Jews also made a major contribution to science: the first chairman of the community, Dr. Mavro (Maurice) Sachs, was among the founders of forensic medicine in Croatia, and David *Schwarz, who lived most of his life in Zagreb, invented there the first rigid airship. Jews who were prominent in the arts included the painter Oscar Hermann; the sculptor Slavko Bril; the pianist Julius Epstein; and the bandmaster Anton Schwarz. A Jewish art monthly, Ommanut, was published there for five years (to 1941), ceasing with the Nazi invasion. Zagreb occupied a central position in the Yugoslav Jewish community. About 12,000 Jews lived there in 1941 after an influx of refugees from Germany, Austria, Czechoslovakia, and later Hungary. Following the German occupation of Zagreb in April 1941, Jews were persecuted, seized for forced labor, and murdered, with survivors sent to Jasenovac and Auschwitz at the end of 1942 and the beginning of 1943. The remnant reestablished the community after the war.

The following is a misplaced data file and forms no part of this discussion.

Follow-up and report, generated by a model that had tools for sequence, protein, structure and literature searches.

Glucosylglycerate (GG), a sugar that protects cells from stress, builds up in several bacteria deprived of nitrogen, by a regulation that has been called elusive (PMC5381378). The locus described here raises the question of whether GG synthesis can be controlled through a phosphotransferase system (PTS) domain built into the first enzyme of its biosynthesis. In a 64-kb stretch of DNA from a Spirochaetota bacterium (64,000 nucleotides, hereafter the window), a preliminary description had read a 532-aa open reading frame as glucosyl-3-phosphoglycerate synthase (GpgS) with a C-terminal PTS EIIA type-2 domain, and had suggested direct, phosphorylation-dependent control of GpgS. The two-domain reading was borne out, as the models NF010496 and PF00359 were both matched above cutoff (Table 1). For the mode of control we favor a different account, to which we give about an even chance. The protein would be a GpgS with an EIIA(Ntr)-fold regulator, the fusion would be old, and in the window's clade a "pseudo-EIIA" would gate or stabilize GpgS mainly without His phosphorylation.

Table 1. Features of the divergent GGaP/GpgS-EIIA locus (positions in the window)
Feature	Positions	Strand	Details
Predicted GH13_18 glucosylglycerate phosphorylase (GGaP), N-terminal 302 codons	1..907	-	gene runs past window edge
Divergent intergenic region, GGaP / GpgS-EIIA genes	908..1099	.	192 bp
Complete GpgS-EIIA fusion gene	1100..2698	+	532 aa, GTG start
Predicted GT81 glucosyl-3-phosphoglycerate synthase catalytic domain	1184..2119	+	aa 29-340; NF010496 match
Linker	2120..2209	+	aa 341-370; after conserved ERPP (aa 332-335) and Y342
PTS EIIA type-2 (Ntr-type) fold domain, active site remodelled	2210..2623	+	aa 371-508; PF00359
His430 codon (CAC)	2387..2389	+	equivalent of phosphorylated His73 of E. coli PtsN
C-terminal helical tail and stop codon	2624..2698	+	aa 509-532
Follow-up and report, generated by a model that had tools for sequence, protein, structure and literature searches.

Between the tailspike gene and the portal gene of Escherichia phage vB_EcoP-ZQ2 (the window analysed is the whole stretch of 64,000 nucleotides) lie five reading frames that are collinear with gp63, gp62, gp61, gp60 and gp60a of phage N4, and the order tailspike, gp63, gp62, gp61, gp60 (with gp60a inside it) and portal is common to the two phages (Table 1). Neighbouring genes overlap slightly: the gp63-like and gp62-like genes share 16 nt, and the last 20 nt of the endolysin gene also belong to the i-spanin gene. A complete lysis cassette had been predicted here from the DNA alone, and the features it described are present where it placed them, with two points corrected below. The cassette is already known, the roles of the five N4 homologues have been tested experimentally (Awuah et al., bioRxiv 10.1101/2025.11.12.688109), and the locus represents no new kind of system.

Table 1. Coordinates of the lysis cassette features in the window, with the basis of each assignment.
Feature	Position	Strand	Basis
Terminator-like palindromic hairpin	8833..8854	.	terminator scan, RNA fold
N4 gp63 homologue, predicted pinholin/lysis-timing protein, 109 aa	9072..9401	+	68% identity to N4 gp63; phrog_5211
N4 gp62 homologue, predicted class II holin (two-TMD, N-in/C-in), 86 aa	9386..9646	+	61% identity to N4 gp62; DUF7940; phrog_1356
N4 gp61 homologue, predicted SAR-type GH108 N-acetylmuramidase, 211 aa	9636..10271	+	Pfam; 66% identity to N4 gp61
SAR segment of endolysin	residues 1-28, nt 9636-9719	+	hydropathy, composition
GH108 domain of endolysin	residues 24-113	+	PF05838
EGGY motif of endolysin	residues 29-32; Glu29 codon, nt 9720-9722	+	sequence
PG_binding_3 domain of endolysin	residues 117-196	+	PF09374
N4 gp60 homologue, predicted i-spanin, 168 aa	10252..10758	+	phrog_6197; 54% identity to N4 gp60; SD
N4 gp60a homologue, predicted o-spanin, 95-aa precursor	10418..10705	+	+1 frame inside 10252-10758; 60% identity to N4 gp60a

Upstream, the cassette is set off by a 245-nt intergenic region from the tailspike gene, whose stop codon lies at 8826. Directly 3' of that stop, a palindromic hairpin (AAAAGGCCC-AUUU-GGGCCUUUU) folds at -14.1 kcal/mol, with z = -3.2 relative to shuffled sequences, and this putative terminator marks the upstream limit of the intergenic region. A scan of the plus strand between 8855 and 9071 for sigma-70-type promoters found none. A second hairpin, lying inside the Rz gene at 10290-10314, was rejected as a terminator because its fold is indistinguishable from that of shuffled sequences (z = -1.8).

Rabbis Gavro Schwarz and Miroslav (Shalom) Freiberger, both victims of the Holocaust, were initiators of Jewish historical studies. In 1970 the Jewish population of the city was 1,200. After the secession of Croatia from the Yugoslav federation in 1991, a “Coordinating Committee” was formed consisting of a dozen congegations, with an Orthodox rabbi, Kotel Dadon, heading the Zagreb branch. The community, now calling itself Zidovka Opcina published a journal and literary magazine. A Documentation Center headed by Dr. Melita Svob deals with the claims of Holocaust survivors and the collection and publication of statistical and historical evidence. Around 1,000 Jews remained in the early 2000s.


D.Z., Zagreb (1941); G. Szabo, Stari Zagreb (1941); L. Glesinger, in: Jevrejski almanah, 1 (1954); 2 (1955–56); 8 (1965–67); M. Despot, ibid., 2 (1955–56); L. Šik, in: Židov, 15, no. 37 (1931). ADD. BIBLIOGRAPHY: Y. Eventov and Z. Rotem, Toledot Yehudei Yugoslavia, 2 vols. (1971, 1991); Dva stoljeca povijesti I culture Zidova u Zagrebu I Hrvatskoj (1988); I. Goldstein, Holocaust u Zagrebu (2001); M. Svob, Zidovi u Hrvatskoj, 2 vols. (2002).

Source: Encyclopaedia Judaica. © 2007 The Gale Group. All Rights Reserved.